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Amy Cervini: Jazz Country

Dan Bilawsky By

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This album title is something of a double entendre. It references the jazz community that surrounds the lady of the hour, but it's really about the nexus that exists between the two American-born forms of music that make up its name. Therefore, it could be said that Jazz Country is missing a hyphen, but that's about the only thing it's missing; in all other respects, this is a complete and beautiful work of art.

Whether you call this a hybridized form of music, a two-pronged exploration of American roots music, or something else entirely is of little consequence. No matter how you slice it, box it in, or categorize it, Jazz Country remains what it simply is: an album filled with intimate performances that showcase an extraordinary vocalist and her sensitive-and-simpatico musician-friends.

Cervini is part of a class of vocalists, along with Kate McGarry, Melissa Stylianou, Sara Gazarek and several others, that sing feelings, not songs. Sure, they learn the lyrics, the melodies, the intentions behind every word, but when it comes down to it, none of that would mean anything if they couldn't connect with the music's receivers on a simple-and-basic emotional level. Cervini, like the other women on that list, manages to tug at the heart strings nearly every time she opens her mouth, and this skill has never been more apparent than it is here. Songs like Neil Young's "After The Gold Rush," Charlie Chaplin's "Smile," Dominique Eade's "Go Gently To The Water," and Dave Frishberg's "Wallflower Lonely, Cornflower Blue" resonate deeply with the soul. She puts her own stamp on every one of them without wandering too far astray from where they usually dwell.

Much of this material finds Cervini in the company of Jesse Lewis' guitar, Matt Aronoff's bass, and nothing else. This drum-less setting allows for a more focused and cloistered sound, though some guests drop in to shake things up or add some indispensable sounds to the mix. Clarinetist Anat Cohen adds some spunk to the proceedings on "Frim Fram Sauce" and "Je Danse Avec La Neige," Nadje Noordhuis contributes some priceless muted trumpet work on "I Still Miss Someone," and Nellie McKay supports Cervini with ukulele and vocal contributions on "Wallflower Lonely, Cornflower Blue." Other guest contributors include saxophonist Marty Ehrlich, accordion master Gary Versace and pianist Oded Lev-Ari.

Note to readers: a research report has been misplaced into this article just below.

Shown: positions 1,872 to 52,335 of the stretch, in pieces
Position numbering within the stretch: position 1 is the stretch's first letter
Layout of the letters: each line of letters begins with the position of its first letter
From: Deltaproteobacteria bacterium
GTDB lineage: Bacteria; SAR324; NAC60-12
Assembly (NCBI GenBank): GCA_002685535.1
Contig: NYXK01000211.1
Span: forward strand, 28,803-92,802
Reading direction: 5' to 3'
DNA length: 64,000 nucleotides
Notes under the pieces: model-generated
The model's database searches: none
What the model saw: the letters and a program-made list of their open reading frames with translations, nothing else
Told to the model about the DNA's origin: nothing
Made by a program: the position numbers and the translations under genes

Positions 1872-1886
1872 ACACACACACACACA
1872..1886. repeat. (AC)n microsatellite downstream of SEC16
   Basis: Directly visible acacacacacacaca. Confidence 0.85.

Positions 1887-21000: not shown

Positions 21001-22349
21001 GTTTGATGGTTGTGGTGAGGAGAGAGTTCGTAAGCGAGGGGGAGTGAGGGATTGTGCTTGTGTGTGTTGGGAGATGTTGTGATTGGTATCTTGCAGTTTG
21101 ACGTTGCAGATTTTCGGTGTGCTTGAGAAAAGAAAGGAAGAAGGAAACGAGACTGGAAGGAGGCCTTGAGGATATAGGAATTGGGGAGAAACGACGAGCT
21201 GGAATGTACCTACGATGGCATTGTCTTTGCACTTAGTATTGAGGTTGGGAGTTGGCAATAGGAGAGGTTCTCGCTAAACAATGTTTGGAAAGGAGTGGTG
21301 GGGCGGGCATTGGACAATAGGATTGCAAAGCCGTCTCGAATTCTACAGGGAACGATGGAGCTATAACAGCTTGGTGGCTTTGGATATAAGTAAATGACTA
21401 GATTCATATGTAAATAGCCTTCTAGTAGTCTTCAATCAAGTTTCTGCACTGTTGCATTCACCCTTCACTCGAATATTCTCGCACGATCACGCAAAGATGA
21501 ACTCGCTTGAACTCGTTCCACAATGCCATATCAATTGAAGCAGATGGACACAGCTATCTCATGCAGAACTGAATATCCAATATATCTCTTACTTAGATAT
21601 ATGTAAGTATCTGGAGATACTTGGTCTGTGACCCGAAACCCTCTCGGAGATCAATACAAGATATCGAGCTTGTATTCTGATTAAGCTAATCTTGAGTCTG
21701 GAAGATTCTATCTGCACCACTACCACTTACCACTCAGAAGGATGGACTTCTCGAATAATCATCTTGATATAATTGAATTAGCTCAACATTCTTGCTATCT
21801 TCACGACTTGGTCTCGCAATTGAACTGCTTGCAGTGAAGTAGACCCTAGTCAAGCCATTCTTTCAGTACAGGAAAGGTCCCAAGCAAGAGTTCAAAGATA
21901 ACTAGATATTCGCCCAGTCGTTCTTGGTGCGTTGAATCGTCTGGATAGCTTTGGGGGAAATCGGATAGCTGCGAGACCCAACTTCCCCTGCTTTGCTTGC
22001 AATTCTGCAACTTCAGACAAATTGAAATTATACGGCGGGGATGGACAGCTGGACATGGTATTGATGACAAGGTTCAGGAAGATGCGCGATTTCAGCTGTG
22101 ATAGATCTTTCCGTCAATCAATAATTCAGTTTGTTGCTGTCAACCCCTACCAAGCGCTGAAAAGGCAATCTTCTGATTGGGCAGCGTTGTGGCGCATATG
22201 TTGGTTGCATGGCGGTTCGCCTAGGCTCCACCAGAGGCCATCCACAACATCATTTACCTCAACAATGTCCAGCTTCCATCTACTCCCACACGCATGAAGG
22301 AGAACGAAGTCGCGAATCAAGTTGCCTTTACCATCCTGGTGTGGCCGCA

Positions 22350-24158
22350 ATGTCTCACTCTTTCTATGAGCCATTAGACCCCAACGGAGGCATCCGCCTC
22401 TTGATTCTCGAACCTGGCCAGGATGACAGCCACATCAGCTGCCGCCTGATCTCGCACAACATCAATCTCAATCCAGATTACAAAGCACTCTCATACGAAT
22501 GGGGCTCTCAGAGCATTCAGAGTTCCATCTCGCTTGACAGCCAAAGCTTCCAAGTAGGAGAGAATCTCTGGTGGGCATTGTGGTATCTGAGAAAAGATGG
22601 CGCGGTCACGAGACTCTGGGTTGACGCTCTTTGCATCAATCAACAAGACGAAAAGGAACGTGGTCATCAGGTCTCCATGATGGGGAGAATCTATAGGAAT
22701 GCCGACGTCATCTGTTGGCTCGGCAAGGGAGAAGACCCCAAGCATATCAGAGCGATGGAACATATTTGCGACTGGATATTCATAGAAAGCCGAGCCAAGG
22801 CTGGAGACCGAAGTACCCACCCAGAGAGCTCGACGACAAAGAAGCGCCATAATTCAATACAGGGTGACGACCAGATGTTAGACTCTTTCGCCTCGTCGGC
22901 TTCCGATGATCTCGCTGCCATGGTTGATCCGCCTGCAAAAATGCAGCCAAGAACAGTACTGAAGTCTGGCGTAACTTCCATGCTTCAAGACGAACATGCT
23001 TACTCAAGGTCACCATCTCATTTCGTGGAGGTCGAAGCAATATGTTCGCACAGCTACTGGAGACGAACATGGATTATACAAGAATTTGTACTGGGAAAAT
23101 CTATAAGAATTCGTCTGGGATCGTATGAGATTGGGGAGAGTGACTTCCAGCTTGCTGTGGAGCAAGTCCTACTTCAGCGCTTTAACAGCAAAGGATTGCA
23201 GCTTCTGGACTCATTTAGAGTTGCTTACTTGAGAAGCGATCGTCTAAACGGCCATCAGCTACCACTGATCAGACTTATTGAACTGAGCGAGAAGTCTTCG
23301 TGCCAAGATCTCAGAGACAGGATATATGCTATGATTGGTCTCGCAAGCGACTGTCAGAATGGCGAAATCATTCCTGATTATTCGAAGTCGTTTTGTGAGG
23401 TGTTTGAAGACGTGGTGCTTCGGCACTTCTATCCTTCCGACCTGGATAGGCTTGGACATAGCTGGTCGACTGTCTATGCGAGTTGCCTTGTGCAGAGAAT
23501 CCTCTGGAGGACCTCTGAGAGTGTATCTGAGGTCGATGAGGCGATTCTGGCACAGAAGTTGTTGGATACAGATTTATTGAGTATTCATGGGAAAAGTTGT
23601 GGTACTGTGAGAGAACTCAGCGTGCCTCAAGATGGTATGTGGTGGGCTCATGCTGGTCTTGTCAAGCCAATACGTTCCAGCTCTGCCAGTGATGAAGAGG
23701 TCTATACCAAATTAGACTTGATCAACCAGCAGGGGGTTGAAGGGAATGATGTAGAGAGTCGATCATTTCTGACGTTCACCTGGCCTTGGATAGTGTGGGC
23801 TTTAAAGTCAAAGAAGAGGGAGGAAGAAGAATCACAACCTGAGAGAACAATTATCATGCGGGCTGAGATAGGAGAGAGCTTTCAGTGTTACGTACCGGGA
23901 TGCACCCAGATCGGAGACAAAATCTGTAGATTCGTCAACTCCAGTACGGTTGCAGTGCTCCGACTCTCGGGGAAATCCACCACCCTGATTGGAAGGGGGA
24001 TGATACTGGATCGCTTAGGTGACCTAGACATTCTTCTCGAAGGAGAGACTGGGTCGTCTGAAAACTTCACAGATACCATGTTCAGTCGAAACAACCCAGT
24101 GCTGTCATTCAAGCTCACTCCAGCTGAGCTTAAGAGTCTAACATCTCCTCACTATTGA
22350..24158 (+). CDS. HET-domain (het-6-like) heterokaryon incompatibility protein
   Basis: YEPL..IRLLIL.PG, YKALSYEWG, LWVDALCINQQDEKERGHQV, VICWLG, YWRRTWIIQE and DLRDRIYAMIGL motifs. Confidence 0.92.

Connecting the songs of Rodgers and Hart, Neil Young, and Dominique Eade is no easy feat, but Amy Cervini is no ordinary singer; she has no problems tying these artistic threads together under the banner of Jazz Country.

Track Listing: Blue Moon; Wallflower Lonely, Cornflower Blue; Song For The Mira; Frim Fram Sauce; I'm So Lonesome I Could Cry; Calling You; Go Gently To The Water; Penguin Dance; Smile; Je Danse Avec La Neige; After The Gold Rush; I Still Miss Someone; Before He Cheats; Drivin' Cryin' Missin' You.

Personnel: Amy Cervini: vocals, saxophone (2); Jesse Lewis: guitar, vocals (6); Matt Aronoff: bass; Anat Cohen: clarinet (4, 10); Marty Ehrlich: saxophone (5); Oded Lev-Ari: piano (7, 8); Nellie McKay: vocals (2), ukulele (2); Nadje Noordhuis: trumpet (12); Gary Versace: accordion.

Title: Jazz Country | Year Released: 2014 | Record Label: Anzic Records

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Je Danse Avec La Neige

Je Danse Avec La Neige

Amy Cervini
Jazz Country

CD/LP/Track Review
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